Calories and Optimal Food Intake – Part 2

In the Paul‘s last post we looked at the basics about calories and metabolism. Now let’s see how calories affect weight management:

Whether you are trying to lose weight, maintain weight, or gain more, calories matter.

Calorie restriction is counterproductive and does not work because when you consume less energy than your body requires, the body adapts.

When you do not eat enough calories, the body has the ability to slow down thyroid hormone output in an effort to maintain energy balance. Your thyroid is responsible for fat, carbohydrate, and protein metabolism.

Your body will begin to hold onto fat stores because it is in starvation mode and instead uses muscle to provide energy. Muscle is highly calorie intensive to maintain and in a prolonged calorie deficit it is one of the first things that the body looks to get rid of, and in turn will further slow down your metabolism.


The body will also slow the digestive tract in an effort to conserve energy. The digestive tract is responsible for breaking down food to its simplest form so that the body can use the nutrients to function. When a person is not consuming enough calories the stomach empties slower and the lining of the intestinal tract can shrink.  The digestive tract can become so severely damaged that it cannot properly digest food, and this can lead to malnutrition and electrolyte imbalances.

Not only is a restricted calorie diet not the ideal way to lose body fat, it can actually cause negative side effects in other ways, and even increase your fat storage!

When you are under stress both physically and psychologically (a reduced calorie diet creates stress on the body), the body secretes a hormone called cortisol. The primary function of cortisol is to convert amino acids found in the muscles into glucose (blood sugar) to give the body extra energy to overcome the stress.

In a way, this means more ‘sugar’ is produced by the body as a reaction to stress. When cortisol is chronically elevated it makes the body think it needs to store fat around the waist, so that it will have a source of easily accessible energy. High cortisol also makes you unable to make rational food choices, by activating the part of the brain that makes you crave pleasurable foods.

In short, restricting calories can ultimately make the body react in the same way it reacts to stress – by conserving energy stores as fat (the opposite of what you want to achieve) and causing you to crave more (probably sugary) comfort foods.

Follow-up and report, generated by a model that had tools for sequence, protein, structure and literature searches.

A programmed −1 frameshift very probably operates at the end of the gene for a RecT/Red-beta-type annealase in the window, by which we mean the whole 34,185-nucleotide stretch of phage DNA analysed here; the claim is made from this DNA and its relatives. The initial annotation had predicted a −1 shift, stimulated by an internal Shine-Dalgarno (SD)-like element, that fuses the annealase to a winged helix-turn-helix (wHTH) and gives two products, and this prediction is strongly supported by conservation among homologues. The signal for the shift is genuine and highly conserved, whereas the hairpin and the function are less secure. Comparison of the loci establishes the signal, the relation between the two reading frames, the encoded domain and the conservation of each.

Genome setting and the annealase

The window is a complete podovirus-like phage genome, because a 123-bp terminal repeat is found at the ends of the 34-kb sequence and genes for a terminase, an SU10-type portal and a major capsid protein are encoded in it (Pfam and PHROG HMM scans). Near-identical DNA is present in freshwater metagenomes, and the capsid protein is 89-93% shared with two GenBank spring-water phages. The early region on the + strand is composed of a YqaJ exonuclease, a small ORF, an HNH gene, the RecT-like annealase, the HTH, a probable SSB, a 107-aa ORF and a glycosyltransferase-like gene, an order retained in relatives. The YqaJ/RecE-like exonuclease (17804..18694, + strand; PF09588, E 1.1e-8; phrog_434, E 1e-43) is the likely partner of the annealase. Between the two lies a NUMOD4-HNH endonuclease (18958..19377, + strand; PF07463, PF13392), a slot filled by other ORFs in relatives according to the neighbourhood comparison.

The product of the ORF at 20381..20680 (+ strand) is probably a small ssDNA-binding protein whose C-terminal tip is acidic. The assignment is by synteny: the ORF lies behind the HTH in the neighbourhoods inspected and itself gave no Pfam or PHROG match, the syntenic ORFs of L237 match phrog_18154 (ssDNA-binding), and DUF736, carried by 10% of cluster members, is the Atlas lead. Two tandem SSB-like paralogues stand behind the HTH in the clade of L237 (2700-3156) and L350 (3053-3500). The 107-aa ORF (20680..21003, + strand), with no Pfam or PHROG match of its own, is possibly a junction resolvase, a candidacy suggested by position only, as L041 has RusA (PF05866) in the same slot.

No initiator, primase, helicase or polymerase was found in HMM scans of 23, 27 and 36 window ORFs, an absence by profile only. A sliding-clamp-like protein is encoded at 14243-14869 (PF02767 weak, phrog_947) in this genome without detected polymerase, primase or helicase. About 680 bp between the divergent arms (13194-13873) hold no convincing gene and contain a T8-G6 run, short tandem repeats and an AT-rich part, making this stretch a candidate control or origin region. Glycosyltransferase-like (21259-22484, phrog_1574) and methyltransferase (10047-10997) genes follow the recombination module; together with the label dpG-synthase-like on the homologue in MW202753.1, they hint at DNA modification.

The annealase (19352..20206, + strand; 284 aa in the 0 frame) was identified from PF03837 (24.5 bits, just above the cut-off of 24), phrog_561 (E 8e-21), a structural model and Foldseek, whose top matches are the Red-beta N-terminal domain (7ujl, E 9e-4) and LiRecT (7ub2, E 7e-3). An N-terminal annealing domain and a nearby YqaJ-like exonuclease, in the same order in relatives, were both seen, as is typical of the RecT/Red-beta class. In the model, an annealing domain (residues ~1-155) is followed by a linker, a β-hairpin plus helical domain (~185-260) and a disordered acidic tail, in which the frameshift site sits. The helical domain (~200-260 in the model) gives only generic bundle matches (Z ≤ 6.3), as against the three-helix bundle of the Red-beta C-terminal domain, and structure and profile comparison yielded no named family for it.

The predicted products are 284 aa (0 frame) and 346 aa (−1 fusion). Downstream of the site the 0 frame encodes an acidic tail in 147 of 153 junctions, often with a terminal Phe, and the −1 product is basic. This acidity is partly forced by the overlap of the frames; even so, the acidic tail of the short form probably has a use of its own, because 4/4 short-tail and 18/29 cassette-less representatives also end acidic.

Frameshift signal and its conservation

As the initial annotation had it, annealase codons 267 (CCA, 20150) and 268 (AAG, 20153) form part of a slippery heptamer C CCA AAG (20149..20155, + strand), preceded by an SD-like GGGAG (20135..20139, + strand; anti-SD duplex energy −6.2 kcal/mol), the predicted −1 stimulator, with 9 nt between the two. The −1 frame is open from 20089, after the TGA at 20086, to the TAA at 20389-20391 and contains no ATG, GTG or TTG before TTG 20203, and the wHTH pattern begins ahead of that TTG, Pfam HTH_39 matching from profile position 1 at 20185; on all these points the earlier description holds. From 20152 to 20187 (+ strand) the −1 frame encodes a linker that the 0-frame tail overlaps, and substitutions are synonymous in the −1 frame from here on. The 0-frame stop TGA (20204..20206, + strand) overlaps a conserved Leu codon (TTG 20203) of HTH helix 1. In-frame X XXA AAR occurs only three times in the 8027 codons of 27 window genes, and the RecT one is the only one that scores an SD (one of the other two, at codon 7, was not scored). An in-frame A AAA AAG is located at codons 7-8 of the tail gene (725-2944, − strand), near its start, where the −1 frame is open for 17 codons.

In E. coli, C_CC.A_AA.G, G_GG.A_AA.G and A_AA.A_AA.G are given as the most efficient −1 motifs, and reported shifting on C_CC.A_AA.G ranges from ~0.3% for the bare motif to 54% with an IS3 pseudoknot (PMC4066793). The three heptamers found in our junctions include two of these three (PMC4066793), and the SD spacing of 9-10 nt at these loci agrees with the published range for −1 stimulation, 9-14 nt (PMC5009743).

Time to Eat - Clock

Another hormone that is affected by a restricted calorie diet is insulin. In a healthy body, insulin behaves like a key that opens the door of the cell so that glucose can move from the blood, and be pushed into the cells where it is either burned or stored as fat. Insulin plays a primary role in managing body composition by mediating fat burning and energy levels and is thereby involved in the development of lean tissue.

When you don’t eat you experience ‘low blood glucose’. In reaction to this, adrenaline is released to elevate the blood sugar and keep you going. This leads to spikes in blood glucose and insulin, causing insulin resistance.

Constant spikes of insulin (also caused by the consumption of simple carbohydrates or sugars) can eventually result in insulin resistance. This occurs when your cells are less affected by insulin and the receptors don’t properly bind with insulin. In other words, the body is desensitized to insulin. Insulin then does not properly function as a key to the door of the cell, and the energy gets stored as body fat.

In conclusion, the bottom line is that restricting calories really doesn’t help your mental or physical health. Focus on the quality of your food and not the quantity, rather than reducing calorie intake to reduce body fat. Begin by consuming more calories to build up lean tissue and speed up the metabolism, and then restrict calories to better reduce body fat.

Here are a few more tips for optimizing your daily calorie intake:

  • Eat frequent meals 5-6 times a day.
  • Have ready to eat meals available.
  • Don’t wait until you are hungry to eat.
  • Add good clean fat.
  • Invest in a good protein powder.
  • Eat calorie dense foods.

By Paul Magnus


Leave a Reply

Fill in your details below or click an icon to log in: Logo

You are commenting using your account. Log Out /  Change )

Facebook photo

You are commenting using your Facebook account. Log Out /  Change )

Connecting to %s